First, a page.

Politics Today is your daily guide to some of the stories we're watching in Ottawa and across Canada, by The Globe and Mail's team of political reporters.
Toews is back
A phoenix is about to rise from the ashes of Bill C-30: Vic Toews. The embattled public safety minister, who has been fairly quiet since his infamous "with us or the child pornographers" speech last year, can finally return to the public eye now that the Internet surveillance bill is dead, John Ibbitson writes. His new target will be the economics of policing, a responsibility that is doing a number on municipal budgets.
RCMP's "dysfunctional relationship" with aboriginal women
The RCMP has failed to seriously investigate the deaths and disappearances along B.C.'s so-called highway of tears, an international rights group says. Human Rights Watch and the Native Women's Association of Canada release their report in Ottawa this morning. Many women who spoke to the researchers said they didn't trust the officers – not unlike the problems that plagued the investigation into serial killer Robert Pickton.
Another senator, another investigation
The number of senators being investigated by outside auditors over expenses is now four: Pamela Wallin admits her travel expenses are being reviewed. This is slightly different than the previous three senators, who are being investigated over their use of housing allowances meant for those with a primary residence outside of Ottawa.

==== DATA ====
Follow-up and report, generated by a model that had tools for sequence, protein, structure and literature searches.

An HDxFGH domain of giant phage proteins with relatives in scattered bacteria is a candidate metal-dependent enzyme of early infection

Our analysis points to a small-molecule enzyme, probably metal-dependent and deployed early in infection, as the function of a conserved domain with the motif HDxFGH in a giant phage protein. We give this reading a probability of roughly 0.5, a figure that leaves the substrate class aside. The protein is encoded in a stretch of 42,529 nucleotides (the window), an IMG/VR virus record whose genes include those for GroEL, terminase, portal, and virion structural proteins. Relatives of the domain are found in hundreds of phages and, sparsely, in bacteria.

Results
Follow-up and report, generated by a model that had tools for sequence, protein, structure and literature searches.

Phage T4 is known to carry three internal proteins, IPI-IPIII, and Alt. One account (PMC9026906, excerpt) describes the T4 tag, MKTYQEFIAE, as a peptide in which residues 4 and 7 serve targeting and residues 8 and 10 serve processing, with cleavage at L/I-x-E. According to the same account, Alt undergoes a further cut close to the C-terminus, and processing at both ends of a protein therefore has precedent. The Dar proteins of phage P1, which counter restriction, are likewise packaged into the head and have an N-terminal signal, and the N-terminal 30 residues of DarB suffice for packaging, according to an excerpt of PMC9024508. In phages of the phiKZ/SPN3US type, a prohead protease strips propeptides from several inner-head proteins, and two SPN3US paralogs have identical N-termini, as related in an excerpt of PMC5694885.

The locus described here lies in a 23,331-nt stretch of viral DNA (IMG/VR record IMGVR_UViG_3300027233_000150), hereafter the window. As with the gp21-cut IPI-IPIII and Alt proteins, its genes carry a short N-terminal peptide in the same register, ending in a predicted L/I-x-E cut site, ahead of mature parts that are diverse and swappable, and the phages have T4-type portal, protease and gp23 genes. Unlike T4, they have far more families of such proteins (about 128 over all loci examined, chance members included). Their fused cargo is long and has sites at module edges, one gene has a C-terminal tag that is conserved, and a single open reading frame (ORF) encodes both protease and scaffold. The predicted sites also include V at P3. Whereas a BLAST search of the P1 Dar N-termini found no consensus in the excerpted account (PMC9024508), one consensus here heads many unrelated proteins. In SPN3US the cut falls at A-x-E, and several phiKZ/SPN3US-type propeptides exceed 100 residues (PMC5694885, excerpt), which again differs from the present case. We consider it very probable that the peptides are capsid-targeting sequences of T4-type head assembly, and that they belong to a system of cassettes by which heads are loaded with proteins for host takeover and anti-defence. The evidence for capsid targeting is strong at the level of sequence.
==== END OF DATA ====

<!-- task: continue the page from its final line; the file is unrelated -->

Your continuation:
Ms. Wallin tells her side of the story in the Globe's commentary pages.
No word from Obama on Keystone
Canadians watched U.S. President Barack Obama's State of the Union address for any mention of our fair country. (Come on, if you were watching it, you were probably one of them.) Alas, nothing. Not even any hint of how Mr. Obama will deal with the Keystone XL pipeline, though the President did unveil an ambitious plan to address climate change. For a detailed annotation of Mr. Obama's address, check out the Washington Post.
B.C. banks on gas
After a very, very long absence – the B.C. legislature rose last spring and only sat for 47 days in 2012 – the MLAs are back, and they're getting ready for an election. In the Throne from the Speech yesterday, Premier Christy Clark, leader of the B.C. Liberals, promised the creation of a B.C. Prosperity Fund to pay down the provincial debt with natural gas revenue. The plan echoes Alberta's Heritage Fund, whose effectiveness has been mixed in the long run.
Incidentally, if you're an undecided B.C. voter or know someone who is, read this.